A Fisher's exact test was used for comparison between variables. Kaplan-Meier analysis and a log-rank test were used to illustrate differences between each potential risk factor in time-to-recurrence and overall survival probability after patients underwent a primary hepatectomy. Univariate and multivariate Cox regression were used to identify risk factors for prediction of recurrence and death in patients with HCC after initial curative hepatectomy. In the univariate analysis, the effect of each variable on the disease recurrence and survival was tested using analysis of variance. If there was a known predominant determinant (e.g., tumor stage versus vascular invasion), bivariate analysis was conducted to detect more detailed correlations independent from the predominant one that might have been unnoticed. Only variables with a P value less than 0.05 were selected for subsequent multivariate analysis. In multivariate analysis, the selected variables were subjected to a multiple linear model. Hazard ratios (HR) with 95% confidence intervals (CI) were thus obtained. Coefficients were determined via the linear discriminating function of the variables.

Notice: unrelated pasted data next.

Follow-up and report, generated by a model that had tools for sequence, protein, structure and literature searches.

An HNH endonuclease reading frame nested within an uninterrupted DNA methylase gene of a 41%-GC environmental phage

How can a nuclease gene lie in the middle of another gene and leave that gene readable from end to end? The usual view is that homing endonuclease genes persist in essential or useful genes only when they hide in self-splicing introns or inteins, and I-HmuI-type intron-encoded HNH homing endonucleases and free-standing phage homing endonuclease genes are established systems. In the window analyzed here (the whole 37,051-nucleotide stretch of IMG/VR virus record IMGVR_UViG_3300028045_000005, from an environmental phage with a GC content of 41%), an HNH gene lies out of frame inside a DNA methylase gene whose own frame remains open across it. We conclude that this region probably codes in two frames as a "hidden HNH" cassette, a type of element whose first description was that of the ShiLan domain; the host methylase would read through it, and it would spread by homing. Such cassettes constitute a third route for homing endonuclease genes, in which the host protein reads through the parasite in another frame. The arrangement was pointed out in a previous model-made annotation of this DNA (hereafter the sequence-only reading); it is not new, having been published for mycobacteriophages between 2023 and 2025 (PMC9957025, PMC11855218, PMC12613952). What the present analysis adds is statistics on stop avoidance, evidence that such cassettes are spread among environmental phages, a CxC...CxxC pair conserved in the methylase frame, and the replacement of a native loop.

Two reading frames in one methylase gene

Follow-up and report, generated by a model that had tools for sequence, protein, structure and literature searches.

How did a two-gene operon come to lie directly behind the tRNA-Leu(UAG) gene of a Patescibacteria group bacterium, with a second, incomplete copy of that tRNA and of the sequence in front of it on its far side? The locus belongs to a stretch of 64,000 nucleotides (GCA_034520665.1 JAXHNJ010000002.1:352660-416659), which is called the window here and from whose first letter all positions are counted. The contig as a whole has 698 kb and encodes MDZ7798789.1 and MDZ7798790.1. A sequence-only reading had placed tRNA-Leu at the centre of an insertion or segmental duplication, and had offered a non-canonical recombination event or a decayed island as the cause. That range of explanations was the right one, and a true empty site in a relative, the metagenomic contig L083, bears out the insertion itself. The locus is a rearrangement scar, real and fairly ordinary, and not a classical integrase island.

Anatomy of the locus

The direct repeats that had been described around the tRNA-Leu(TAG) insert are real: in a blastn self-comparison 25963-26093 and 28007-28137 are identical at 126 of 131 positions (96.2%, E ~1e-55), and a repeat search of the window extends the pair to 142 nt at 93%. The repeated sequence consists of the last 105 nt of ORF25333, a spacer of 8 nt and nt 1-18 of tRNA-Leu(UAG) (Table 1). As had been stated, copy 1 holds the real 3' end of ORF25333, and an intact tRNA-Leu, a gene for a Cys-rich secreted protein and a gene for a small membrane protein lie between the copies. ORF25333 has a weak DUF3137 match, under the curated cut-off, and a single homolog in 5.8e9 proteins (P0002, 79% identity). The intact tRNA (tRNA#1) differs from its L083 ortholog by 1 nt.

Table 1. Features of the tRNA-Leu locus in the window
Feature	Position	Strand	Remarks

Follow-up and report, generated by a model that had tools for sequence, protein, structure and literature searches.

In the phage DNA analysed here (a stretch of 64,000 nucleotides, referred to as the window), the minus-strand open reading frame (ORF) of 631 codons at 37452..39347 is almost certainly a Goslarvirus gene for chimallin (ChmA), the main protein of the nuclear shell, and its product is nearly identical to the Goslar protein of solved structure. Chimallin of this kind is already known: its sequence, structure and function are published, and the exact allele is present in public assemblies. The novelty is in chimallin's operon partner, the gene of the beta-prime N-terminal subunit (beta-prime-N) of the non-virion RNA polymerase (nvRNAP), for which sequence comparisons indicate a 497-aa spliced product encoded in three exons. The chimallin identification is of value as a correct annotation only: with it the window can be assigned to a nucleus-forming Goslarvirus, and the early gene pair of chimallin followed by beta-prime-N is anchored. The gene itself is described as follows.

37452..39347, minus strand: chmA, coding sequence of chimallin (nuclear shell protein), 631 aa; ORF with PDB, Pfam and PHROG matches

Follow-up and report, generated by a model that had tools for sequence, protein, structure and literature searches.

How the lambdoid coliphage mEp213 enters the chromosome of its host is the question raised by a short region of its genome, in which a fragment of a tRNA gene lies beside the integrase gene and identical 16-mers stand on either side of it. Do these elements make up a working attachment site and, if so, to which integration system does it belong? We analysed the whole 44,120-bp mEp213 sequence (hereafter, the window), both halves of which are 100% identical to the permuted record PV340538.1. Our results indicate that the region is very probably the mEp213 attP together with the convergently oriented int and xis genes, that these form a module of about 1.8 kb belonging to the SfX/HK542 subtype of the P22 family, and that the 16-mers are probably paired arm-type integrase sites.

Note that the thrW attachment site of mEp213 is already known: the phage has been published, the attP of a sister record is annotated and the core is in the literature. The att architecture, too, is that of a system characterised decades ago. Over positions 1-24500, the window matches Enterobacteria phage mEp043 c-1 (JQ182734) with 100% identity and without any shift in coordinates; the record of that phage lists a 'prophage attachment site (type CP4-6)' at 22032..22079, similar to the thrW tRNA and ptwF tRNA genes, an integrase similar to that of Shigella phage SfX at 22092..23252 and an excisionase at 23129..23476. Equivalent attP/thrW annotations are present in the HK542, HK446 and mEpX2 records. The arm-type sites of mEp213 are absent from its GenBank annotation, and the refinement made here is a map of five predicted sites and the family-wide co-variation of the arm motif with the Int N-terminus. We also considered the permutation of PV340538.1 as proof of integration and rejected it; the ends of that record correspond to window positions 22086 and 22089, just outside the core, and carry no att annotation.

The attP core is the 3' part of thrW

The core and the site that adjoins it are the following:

Results

  1. Top of page
  2. Abstract
  3. Materials and Methods
  4. Results
  5. Discussion
  6. Acknowledgements
  7. References
  8. Supporting Information

Sensitization to Anticancer Cytotoxic Agents by Silencing of NPM.

To examine the potential role of NPM in resistance to anticancer therapies of HCC, HCC cell lines with different p53 genetic background including HepG2 (wild-type p53), Huh7 (C200Y mutated p53), Mahlavu (R249S mutated p53), and Hep3B (null-genotyped p53),23, 24 were treated with UV-B, mitomycin C, doxorubicin, or cisplatin. Silencing of NPM expression significantly enhanced cellular susceptibility to all kinds of treatments in Huh7, Hep3B, and Mahlavu cells, while the sensitizing effect was minimal in HepG2 cells (Fig. 1A). These findings suggest that an NPM-mediated antideath mechanism is independent of p53 functions in HCC cells, which is different from that found in hematopoietic cells.25